The Borley Legend: 1066-1930

To try and understand the Borley Legend, it helps to put things in some sort of chronological order. That isn't easy. Over the years covered by each story, facts and dates contradicted one another, and some events that are taken for gospel probably never really happened at all. The following chronology lists all available data - all the reported sightings and suggested causes - with no attempt made to verify authenticity. These incidents form the basis of the Borley legend.

Borley parish is tucked neatly inside a slight bulge in the northeast corner of Essex County, very close to Suffolk County. The nearest towns are Sudbury, a couple of miles to the east, and Long Melford, an equal distance to the north east. Both communities are in Suffolk County, and Borley has often been erroneously identified as a part of Suffolk. The parish nestles comfortably in the Stour River valley, just less than 60 miles from London.

1086 Domesday Book lists Borley Manor.

April 28, 1236 Peter de Cacheporc installed. Initial portion of the current church built.

1362 Benedictine Monks build a monastery on the site which would later hold the rectory. Edward III gives monks Borley manor.

13?? A monk from the monastery elopes with a nun from the Bures nunnery, some seven miles to the southeast. A friend of the monk drives the getaway carriage. All three caught - the monk is hanged, and the nun is bricked up alive in the walls of the nunnery. Tunnels connect the two locations. Alternate story has the nun falling in love with a coachman. He is aided during their elopement by a fellow coachman. The two men are beheaded, and the girl is walled up.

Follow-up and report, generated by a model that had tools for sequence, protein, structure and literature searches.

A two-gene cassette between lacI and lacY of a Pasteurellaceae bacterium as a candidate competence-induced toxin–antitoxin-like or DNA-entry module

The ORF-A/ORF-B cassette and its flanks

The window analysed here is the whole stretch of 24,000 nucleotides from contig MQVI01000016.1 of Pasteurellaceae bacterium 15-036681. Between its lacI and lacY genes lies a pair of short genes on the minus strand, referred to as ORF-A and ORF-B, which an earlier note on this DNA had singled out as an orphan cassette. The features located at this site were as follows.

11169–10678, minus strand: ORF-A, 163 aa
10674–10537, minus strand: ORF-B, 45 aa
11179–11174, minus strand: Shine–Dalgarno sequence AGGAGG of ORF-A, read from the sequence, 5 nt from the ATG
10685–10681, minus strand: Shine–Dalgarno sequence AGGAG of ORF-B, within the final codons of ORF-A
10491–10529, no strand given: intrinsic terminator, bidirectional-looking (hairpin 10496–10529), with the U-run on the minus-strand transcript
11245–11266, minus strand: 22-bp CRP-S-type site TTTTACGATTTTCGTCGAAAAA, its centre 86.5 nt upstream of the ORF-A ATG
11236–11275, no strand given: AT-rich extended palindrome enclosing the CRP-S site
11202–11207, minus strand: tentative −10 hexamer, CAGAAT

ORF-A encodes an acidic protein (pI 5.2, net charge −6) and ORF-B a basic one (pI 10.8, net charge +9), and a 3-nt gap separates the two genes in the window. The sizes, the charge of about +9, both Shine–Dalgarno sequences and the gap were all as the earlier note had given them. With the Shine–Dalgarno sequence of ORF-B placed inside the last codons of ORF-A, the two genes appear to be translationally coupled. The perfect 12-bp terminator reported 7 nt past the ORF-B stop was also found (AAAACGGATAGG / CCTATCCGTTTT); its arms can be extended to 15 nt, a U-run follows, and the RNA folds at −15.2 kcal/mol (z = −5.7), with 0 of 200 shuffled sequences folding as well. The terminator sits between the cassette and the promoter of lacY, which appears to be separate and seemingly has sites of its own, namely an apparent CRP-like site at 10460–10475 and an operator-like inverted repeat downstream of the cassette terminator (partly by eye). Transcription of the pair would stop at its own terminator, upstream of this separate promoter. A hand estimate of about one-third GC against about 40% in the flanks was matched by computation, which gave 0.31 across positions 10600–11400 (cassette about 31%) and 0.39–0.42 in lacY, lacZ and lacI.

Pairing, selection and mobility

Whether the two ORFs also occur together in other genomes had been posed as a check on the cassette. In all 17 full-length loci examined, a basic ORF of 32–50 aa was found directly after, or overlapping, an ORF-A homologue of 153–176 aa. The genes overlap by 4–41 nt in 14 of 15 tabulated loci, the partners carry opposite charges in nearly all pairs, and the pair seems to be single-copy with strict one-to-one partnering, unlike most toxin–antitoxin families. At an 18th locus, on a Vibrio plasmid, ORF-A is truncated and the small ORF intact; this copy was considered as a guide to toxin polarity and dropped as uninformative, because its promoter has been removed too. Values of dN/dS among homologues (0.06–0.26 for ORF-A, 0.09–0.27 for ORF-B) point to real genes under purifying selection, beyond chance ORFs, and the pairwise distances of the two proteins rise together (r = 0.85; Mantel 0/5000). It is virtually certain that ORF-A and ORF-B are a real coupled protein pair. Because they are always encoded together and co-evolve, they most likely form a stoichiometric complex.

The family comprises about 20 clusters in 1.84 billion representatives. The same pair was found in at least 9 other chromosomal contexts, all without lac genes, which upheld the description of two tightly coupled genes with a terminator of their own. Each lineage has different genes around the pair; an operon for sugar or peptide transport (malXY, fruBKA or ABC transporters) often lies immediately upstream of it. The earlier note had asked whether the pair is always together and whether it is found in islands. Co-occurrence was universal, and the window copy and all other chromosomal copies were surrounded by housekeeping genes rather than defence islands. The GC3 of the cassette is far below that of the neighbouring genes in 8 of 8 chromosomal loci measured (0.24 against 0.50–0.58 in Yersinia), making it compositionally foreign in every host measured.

June 1, 1381 Local benefactor, Simon of Sudbury beheaded near Tower of London.

1500 A tower and brick porch are added to the church.

1538 Monastery abandoned, then destroyed.

1546 King Henry VIII grants Borley to Edward Waldegrave.

1553 Waldegrave knighted, later imprisoned. Disapproves of reformed services at Borley.

September 1, 1561 Waldegrave dies in the Tower of London. Returned to Borley for burial in a massive tomb inside the church.

1642 Civil War begins. Vicar John Deeks murders many people.

1645 Loyalist cavalier killed at Borley Lodge after escaping Battle of Naseby .

1655-1658 Oliver Cromwell, as Lord Protector, prohibits Anglican services. Catholic priest named either Dominic or Enoch falls in love with nun. She is murdered, he is crucified. While still alive, he is cut down by Cromwell's soldiers and hung upside down in a well. Cut down three days later, the body falls into well. The soldiers steal church valuables, kill many, burn cottages, and throw weighted bodies into nearby pond. [The Ghosts of Borley, Wesley Downes, p. 28.]

1656 Church records begin without indicating dedication.

May 17, 1667 Marie Lairre strangled and then buried at rectory site after she leaves convent at Le Havre to marry Charles Waldegrave.

1730 Henrietta Waldegrave, acting as spy for the British government, murders her daughter, Arabella - a spy for the Stuarts. Both are nuns. Nicholas Waldegrave murders Henrietta; this portion of story never told. (1)